With sea trials just completed, the Cheoy Lee 88 Bravo is now bound for Fort Lauderdale to showcase to American buyers.
The 88 Bravo is the latest megayacht in the Cheoy Lee Bravo series, which ranges from 65 to 95 feet (19.8 to 29.95 meters, respectively). The series bears naval architecture by Mike Burvenich, though for the 88 Bravo, he collaborated with the engineering team at New Zealand-based High Modulus. The all-fiberglass megayacht bears a hull designed to send spray out and away plus avoid squatting at transitional speeds.
Speaking of speeds, the 88 Bravo should be well poised to get you to the Bahamas or wherever your travels may take you without wasting time. Cheoy Lee says that during sea trials, she hit 28 knots under full load. Standard power for the Cheoy Lee 88 Bravo: twin 1,136-hp Caterpillar C18 ACERTs. Optional power: 1,700-hp Caterpilar C32 ACERTs. With either engine package, the 3,000-gallon (11,400-liter) fuel capacity and skinny 5’5″ (1.65-meter) draft means you can poke around in shallow anchorages to your heart’s content, too.
Inside, the 88 Bravo bears accommodations for eight below decks and open relaxation areas on the main deck, all designed by Sylvia Bolton. As you’d expect, the master stateroom is full beam, but so, too, is a VIP directly forward. A twin cabin and a queen in the bow each have separate access from the master and VIP, via stairs forward on the main deck.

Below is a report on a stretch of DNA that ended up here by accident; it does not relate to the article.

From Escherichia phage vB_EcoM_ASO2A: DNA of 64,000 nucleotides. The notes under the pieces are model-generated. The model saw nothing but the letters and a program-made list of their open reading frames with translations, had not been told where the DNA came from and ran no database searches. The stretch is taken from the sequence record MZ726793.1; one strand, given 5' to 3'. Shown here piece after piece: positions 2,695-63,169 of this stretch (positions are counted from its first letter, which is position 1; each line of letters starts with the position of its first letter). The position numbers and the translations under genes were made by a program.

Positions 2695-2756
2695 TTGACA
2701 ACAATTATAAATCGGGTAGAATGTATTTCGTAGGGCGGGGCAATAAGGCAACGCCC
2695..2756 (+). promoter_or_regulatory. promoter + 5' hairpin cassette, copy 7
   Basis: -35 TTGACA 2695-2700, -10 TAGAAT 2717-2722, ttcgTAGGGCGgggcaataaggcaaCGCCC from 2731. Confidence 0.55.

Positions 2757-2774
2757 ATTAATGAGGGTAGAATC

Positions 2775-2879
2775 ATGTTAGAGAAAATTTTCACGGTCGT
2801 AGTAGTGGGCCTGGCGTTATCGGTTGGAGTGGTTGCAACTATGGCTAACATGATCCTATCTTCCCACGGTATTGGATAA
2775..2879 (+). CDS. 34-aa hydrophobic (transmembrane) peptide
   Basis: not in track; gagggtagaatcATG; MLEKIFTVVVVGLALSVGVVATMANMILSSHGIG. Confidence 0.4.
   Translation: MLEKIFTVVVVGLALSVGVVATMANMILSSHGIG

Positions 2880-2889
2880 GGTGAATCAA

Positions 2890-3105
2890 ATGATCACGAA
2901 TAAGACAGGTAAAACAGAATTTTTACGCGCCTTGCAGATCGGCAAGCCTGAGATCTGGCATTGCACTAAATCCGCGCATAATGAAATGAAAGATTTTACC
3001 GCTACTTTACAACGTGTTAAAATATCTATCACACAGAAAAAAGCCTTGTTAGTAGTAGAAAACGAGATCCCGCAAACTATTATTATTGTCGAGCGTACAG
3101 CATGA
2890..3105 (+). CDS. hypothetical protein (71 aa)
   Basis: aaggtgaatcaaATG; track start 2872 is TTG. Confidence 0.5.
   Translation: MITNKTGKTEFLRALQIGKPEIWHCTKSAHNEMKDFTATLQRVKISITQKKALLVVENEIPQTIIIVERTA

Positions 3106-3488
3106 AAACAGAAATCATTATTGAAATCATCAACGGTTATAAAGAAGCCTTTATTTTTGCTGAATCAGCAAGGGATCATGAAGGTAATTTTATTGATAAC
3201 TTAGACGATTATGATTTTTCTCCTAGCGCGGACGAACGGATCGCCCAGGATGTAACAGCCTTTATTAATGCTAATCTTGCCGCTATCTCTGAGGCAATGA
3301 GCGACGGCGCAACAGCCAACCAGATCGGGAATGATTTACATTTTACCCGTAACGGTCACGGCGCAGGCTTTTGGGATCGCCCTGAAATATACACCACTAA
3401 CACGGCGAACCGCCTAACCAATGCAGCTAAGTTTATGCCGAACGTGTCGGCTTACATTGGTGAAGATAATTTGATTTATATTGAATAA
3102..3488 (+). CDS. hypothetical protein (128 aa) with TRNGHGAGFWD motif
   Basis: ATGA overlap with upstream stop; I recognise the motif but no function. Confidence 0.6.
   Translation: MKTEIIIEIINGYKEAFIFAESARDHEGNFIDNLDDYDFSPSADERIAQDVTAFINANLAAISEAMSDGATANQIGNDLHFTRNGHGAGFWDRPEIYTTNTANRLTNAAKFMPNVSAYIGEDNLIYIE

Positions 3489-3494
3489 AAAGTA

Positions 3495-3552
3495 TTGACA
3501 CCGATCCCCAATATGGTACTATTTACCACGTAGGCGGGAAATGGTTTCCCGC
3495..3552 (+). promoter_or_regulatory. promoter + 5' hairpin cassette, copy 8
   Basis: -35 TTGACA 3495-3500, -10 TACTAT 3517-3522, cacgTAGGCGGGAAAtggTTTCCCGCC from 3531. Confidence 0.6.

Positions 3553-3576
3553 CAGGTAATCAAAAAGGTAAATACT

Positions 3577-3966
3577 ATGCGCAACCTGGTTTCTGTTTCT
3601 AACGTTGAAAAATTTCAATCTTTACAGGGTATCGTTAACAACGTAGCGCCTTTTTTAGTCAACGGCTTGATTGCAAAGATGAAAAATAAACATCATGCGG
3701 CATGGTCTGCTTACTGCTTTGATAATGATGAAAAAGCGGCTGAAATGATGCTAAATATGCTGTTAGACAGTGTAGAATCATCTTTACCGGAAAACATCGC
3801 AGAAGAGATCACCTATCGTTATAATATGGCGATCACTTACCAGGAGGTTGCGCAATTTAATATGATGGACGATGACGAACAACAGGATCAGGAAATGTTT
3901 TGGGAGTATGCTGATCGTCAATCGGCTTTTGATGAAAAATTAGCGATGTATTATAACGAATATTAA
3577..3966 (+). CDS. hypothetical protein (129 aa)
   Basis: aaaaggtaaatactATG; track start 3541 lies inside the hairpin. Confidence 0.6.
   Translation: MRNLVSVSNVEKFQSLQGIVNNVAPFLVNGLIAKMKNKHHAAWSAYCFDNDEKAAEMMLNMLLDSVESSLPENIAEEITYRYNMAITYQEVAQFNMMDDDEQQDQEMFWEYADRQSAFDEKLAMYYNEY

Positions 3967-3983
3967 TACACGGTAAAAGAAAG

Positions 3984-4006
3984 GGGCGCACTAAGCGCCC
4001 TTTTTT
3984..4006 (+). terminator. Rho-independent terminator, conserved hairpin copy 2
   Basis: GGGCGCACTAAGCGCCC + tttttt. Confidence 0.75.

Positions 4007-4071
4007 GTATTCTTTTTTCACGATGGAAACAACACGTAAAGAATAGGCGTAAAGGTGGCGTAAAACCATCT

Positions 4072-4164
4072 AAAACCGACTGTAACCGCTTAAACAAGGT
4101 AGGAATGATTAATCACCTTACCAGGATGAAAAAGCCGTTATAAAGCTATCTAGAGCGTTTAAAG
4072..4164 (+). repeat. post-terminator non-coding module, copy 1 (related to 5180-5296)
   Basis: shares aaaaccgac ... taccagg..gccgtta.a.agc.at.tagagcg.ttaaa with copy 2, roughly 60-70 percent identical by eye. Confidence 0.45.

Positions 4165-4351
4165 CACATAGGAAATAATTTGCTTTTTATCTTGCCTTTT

As for the main deck, the 88 Bravo deliberately eschews non-structural bulkheads to keep the feeling open and airy. Beam is a healthy 22’6″ (6.86 meters). You can see all the way from the saloon to the helm, but that’s not to say there’s no privacy. The furnishings arrangement keeps conversation areas away from the captain when wanted. But when a convivial atmosphere is on order, it’s nice to see the galley and helm being open to visits from curious guests.